Difference between revisions of "Portal:Featured Article Of The Week"

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|Title= Anoka State Hospital
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|Title= Tarban Creek Lunatic Asylum
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|Body= Anoka-Metro Regional Treatment Center is the current name of what was originally the First State Asylum for the Insane (1900-1919), Anoka State Asylum (1919-1937), and Anoka State Hospital (1937-1985). The first 100 patients arrived at the newly opened Anoka Asylum in March 1900. The group of men who traveled by train from the St. Peter hospital were classified as “incurables.The asylum was not built originally as a place for treatment. Rather it was where most of these men would live out their days. According to historical records, 86 of those first 100 patients died there and many were buried in numbered graves at the cemetery on the grounds.
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|Body= On 13 January 1835 Governor Bourke sent a despatch to Britain stating "A lunatic asylum is an Establishment that can no longer be dispensed with. In this Colony, the use of ardent spirits induces the disease called delirium tremens, which frequently terminates in confirmed lunacy. The present asylum is a wretched hired Building without outlet of any kind." In his reply dated 3 August 1835, Lord Glenelg conveyed the British Government's authorisation for expenditure of NSW Colonial government funds for this project.
  
By 1906, 115 female patients had been transferred to the hospital from the facility in St. Peter. In 1909, it was decided that Anoka would admit only female transfer patients and that the state hospital in Hastings would admit the male transfer patients. However, construction of an additional building in 1925 allowed the hospital once again to admit male patients.
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On 24 April 1837 Governor Bourke reported that the new asylum was approaching completion, and since he considered it impossible to find persons qualified for its superintendence in NSW, he requested that a married couple be engaged and sent out from England as Keeper and Matron. The new Superintendent and Matron, Mr and Mrs Digby, took up residence at Tarban Creek Lunatic Asylum on 18 August 1838, with the first patients transferred from Liverpool Asylum and the Female Factory, Parramatta, arriving on 19 November 1838.
  
As treatment of the mentally ill evolved, so did conditions and treatment at Anoka. Among the procedures performed in the 1940s and ’50s were lobotomies, some done at the University of Minnesota. In the 1950s, treatments included electroshock therapy and hydrotherapy. In 1948, Gov. Luther Youngdahl allowed a reporter and a photographer from the Minneapolis Tribune to tour the state’s seven hospitals, including Anoka. The articles that followed exposed harsh conditions.  [[Anoka State Hospital|Click here for more...]]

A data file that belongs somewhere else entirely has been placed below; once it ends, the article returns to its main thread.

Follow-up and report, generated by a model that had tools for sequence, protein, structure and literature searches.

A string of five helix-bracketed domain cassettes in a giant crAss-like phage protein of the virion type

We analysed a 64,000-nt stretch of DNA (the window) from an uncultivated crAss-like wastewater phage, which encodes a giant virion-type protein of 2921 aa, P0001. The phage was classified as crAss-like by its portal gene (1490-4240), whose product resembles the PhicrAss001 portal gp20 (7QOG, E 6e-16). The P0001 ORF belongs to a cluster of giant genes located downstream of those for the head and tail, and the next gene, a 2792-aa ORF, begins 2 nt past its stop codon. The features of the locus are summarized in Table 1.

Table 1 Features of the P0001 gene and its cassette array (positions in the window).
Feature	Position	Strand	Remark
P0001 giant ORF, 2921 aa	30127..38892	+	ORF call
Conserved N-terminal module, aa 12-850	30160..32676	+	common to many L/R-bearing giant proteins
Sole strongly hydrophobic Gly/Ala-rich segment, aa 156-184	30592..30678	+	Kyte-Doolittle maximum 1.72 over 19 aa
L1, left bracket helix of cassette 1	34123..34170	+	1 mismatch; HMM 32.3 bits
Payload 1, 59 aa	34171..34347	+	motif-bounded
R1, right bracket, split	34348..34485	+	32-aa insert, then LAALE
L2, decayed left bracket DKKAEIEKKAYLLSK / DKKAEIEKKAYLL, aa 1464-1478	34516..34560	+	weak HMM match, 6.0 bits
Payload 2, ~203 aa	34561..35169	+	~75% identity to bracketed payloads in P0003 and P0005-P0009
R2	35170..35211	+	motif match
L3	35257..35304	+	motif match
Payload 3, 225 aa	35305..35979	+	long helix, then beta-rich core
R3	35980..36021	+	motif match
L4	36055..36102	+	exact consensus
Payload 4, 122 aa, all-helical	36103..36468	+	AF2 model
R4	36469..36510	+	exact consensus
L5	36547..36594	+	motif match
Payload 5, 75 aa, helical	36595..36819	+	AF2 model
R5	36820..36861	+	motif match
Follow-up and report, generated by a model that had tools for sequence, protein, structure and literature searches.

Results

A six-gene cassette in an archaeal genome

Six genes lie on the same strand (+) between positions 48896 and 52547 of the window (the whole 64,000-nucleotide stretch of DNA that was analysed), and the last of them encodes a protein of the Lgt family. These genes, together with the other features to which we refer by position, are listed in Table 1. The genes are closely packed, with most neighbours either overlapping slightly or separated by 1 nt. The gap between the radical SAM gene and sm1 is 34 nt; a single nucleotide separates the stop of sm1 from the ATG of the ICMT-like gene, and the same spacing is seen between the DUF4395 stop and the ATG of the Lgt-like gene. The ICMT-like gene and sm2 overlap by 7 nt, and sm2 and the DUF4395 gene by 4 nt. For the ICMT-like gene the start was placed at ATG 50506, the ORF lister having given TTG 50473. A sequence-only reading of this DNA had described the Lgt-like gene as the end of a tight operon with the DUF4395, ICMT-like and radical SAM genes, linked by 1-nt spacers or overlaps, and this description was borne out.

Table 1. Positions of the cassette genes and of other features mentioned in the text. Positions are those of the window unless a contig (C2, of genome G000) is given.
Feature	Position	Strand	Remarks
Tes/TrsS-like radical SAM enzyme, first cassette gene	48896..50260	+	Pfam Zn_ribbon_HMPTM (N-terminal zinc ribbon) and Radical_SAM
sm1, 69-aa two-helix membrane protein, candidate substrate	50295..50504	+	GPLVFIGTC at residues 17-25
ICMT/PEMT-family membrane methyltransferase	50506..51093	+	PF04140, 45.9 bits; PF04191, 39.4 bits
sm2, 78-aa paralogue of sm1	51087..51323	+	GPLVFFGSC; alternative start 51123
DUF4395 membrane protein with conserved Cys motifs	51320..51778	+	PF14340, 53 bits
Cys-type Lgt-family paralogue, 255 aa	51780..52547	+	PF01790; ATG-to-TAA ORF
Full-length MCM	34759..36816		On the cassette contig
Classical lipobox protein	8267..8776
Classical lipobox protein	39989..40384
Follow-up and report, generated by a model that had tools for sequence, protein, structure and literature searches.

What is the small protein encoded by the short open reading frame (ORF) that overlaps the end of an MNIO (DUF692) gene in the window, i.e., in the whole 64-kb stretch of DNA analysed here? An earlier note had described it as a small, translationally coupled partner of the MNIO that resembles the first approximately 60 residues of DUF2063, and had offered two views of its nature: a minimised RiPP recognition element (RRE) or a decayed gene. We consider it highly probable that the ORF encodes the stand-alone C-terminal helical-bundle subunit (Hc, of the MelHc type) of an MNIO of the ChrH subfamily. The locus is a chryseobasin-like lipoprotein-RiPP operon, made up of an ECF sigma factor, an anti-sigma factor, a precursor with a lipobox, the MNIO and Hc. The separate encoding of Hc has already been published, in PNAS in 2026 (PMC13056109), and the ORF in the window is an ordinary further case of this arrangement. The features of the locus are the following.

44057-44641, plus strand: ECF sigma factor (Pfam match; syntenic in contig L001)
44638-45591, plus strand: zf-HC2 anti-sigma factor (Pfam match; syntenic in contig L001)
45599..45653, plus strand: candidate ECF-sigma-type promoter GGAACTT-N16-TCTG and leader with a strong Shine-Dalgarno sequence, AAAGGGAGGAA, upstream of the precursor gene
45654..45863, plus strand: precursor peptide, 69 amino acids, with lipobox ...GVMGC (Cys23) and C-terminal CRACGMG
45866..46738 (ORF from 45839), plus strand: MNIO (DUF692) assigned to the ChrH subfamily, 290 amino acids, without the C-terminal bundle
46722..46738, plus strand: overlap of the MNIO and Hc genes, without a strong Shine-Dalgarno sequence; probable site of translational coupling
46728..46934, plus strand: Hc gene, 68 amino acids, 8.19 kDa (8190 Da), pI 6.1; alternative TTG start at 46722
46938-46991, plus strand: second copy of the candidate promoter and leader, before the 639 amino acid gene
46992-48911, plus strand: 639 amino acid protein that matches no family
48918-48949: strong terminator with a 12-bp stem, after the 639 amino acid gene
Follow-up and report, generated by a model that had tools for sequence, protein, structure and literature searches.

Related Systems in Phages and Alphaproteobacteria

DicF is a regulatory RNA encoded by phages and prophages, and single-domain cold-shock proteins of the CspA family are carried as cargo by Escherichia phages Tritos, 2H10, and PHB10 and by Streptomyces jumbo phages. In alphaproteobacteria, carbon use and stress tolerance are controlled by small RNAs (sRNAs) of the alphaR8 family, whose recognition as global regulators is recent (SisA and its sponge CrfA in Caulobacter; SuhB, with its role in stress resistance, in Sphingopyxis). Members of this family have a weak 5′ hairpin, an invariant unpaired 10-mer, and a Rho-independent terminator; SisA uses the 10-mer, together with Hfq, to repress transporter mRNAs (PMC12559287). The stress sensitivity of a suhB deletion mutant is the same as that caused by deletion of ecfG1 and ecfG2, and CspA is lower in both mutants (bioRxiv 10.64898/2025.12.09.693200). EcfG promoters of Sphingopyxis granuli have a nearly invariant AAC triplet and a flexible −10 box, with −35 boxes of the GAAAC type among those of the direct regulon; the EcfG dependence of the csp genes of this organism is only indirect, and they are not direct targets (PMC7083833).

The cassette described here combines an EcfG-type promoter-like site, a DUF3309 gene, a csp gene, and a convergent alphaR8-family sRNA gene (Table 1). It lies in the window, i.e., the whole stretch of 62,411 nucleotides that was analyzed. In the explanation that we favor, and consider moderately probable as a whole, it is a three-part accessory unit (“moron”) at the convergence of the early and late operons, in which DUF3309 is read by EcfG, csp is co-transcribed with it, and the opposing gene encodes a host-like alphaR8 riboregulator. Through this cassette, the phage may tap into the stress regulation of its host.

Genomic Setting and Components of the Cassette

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Following the recommendations of the Select Committee on the Lunatic Asylum in 1846, changes to administration, staffing, and record keeping occurred. Of major concern was the perceived lack of expert medical direction, resulting in the appointment on 1 January 1848 of a medical superintendent, Dr Francis Campbell, to administer the institution.  [[Tarban Creek Lunatic Asylum|Click here for more...]]
 
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Revision as of 03:36, 24 January 2021

Featured Article Of The Week

Tarban Creek Lunatic Asylum


Gladesville11.JPG

On 13 January 1835 Governor Bourke sent a despatch to Britain stating "A lunatic asylum is an Establishment that can no longer be dispensed with. In this Colony, the use of ardent spirits induces the disease called delirium tremens, which frequently terminates in confirmed lunacy. The present asylum is a wretched hired Building without outlet of any kind." In his reply dated 3 August 1835, Lord Glenelg conveyed the British Government's authorisation for expenditure of NSW Colonial government funds for this project.

On 24 April 1837 Governor Bourke reported that the new asylum was approaching completion, and since he considered it impossible to find persons qualified for its superintendence in NSW, he requested that a married couple be engaged and sent out from England as Keeper and Matron. The new Superintendent and Matron, Mr and Mrs Digby, took up residence at Tarban Creek Lunatic Asylum on 18 August 1838, with the first patients transferred from Liverpool Asylum and the Female Factory, Parramatta, arriving on 19 November 1838.

Following the recommendations of the Select Committee on the Lunatic Asylum in 1846, changes to administration, staffing, and record keeping occurred. Of major concern was the perceived lack of expert medical direction, resulting in the appointment on 1 January 1848 of a medical superintendent, Dr Francis Campbell, to administer the institution. Click here for more...